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Publication numberUS2049344 A
Publication typeGrant
Publication dateJul 28, 1936
Filing dateAug 9, 1934
Priority dateAug 9, 1934
Publication numberUS 2049344 A, US 2049344A, US-A-2049344, US2049344 A, US2049344A
InventorsWittke Jr Otto H
Original AssigneeWittke Jr Otto H
Export CitationBiBTeX, EndNote, RefMan
External Links: USPTO, USPTO Assignment, Espacenet
Bucket glide
US 2049344 A
Abstract  available in
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Claims  available in
Description  (OCR text may contain errors)

July 8 1936. O. H. WITTKE, JR 2,0 9, 44


My invention relates to castors, and has among its objects and advantages the provision of an improved castor mounting for buckets or the like.

In the accompanying drawing:

Fig. 1 is a perspective view of a bucket showing my invention applied thereto;

Fig. 2 is a sectional view along the line 2-2 of Fig. I;

Fig. 3 is a bottom plan view taken from the position indicated by lines 3-3 of Fig. 2;

Fig. 4 is a top plan view taken from the position indicated by lines 4-4 of Fig. 2;

Fig. 5 is a perspective view of the castor unit; and

Fig. 6 is a sectional view of a difierent form.

In the embodiment selected to illustrate my invention, I make use of sheet metal cut to provide a plate or floor l t, a narrower part 12 bent to provide a trough l4, and a lip l6 extending upwardly beyond the level of the floor Hi. In shaping the trough I 4 the metal is bent along a straight line at I8, while the lip- I6 is provided with a slight curvature having its concave side facing the straight wall 20 of the trough.

My trough is arranged to receive the bead or flange 22 associated with the bucket 24 and common to buckets and all sheet metal receptacles.

In operation, the device is connected with the bucket by merely slipping the trough l4 over the bead or flange 22. At this time the bead or flange will engage the straight wall 20 at the points 26 (see Fig. 4), while the lip IE will engage the opposite side of the bead.

The relation between the bead and the lip [6 will depend upon the curvature of the bead. However, the three point contact established between the trough and the bead 22 provides a frictional connection tending to hold the device firmly in assembled relation with the bucket 24. Of course, the trough I4 may be widened or narrowed to provide compensation for structural variations in different flange and bead constructions.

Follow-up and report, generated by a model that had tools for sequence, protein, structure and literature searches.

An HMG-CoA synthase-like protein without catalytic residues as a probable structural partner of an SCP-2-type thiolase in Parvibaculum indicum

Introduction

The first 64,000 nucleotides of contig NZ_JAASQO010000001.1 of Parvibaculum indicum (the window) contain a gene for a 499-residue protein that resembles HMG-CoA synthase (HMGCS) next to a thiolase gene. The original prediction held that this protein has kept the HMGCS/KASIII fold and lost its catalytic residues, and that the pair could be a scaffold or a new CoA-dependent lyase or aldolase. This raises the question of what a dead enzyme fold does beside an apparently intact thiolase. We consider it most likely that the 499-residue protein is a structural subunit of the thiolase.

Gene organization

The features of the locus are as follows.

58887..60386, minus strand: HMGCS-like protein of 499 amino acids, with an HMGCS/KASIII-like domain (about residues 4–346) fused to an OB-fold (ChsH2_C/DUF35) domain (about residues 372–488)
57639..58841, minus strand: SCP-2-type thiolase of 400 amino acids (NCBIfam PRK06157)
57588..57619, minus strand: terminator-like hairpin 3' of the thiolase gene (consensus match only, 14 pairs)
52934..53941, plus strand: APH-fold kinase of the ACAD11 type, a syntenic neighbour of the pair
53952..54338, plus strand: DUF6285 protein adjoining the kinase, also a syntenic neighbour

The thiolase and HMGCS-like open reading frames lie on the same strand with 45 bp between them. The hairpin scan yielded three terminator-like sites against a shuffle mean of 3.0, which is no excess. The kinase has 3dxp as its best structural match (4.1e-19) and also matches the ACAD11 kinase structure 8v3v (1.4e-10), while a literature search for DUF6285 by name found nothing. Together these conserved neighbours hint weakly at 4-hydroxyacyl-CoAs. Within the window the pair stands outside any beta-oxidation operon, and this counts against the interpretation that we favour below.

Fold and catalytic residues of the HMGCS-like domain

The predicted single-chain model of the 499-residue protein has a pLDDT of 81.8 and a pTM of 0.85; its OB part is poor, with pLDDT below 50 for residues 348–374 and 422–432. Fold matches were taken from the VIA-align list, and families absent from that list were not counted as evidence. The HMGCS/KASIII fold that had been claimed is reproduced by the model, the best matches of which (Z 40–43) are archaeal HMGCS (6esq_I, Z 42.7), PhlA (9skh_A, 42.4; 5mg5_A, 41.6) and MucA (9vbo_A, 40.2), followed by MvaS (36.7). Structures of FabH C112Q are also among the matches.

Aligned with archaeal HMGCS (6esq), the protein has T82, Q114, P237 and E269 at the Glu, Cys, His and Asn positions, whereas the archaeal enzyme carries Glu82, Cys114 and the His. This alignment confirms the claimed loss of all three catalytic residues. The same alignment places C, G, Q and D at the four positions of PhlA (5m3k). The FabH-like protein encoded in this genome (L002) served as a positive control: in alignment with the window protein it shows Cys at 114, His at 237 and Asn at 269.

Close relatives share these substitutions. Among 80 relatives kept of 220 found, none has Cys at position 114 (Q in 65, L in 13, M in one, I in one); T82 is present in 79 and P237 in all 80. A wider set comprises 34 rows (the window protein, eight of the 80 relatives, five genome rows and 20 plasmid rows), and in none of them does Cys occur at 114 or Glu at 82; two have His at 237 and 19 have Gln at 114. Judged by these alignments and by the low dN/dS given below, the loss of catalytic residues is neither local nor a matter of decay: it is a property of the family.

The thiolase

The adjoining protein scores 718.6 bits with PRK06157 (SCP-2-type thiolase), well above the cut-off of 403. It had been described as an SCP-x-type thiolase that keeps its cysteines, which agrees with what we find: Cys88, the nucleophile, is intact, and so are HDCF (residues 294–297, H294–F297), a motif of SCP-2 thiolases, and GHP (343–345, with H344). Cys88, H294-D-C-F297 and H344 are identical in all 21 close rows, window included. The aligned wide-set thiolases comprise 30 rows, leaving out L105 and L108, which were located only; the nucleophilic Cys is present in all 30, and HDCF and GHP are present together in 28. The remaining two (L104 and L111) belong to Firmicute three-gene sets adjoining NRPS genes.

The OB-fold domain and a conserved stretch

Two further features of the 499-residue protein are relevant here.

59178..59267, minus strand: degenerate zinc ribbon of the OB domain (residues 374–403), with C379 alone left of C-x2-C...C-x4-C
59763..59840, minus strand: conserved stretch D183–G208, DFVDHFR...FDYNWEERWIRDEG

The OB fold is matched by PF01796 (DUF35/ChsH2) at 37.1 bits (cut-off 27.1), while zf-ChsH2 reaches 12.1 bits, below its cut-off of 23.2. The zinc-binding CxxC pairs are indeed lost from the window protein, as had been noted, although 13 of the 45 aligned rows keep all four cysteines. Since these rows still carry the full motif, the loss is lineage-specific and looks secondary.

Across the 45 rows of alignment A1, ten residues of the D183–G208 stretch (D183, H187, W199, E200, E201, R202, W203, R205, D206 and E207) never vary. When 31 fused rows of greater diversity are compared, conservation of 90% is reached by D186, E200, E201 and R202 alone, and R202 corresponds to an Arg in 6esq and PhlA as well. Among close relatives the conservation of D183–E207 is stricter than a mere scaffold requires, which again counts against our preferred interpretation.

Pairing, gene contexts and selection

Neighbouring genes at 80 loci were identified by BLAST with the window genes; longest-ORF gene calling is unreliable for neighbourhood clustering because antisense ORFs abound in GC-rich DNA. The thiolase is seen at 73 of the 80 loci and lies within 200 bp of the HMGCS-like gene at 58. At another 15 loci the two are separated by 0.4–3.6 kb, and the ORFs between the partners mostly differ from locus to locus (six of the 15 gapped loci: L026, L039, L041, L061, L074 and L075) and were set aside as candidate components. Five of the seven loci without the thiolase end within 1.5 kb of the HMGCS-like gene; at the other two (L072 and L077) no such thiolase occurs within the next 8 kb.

The depth of the trough l4 accommodates beads or flanges of the largest proportions. When the device is associated with the bucket 24, its bottom 28 will rest upon the floor I0, which floor is supported upon a castor 30. In Fig. 1 I illustrate three castor units as being associated with the bucket, which units provide a castor support for the bucket permitting the latter to be pushed along the floor.

In Fig. 2 the castor 30 comprises the usual wheel 32 mounted for rotation between walls 34 comprising integral parts of the bearing plate 36 having ball races 38 formed therein. This plate is arranged in spaced relation with a companion plate 40 having frictional relation with the balls 42 lying Within the races 38 and operatively connected with the plate 36 through the medium 5 of a rivet 44. This rivet is positioned loosely within the opening in the plate 36 to permit rotary movement of the plate relative to the plate 40. I prefer to connect the plate 40 with the floor ID by spot-welding, as indicated at 46 in Fig. 3. 19

To facilitate positioning of the bead or flange 22 within the trough I4, I bend the lip IE to provide an outwardly projecting end 48. This end tends to guide the bead 22 into the trough l4 and provides a grip part permitting easy disconnection of the trough from the bead. My invention functions equally well with buckets having large or small beads or flanges.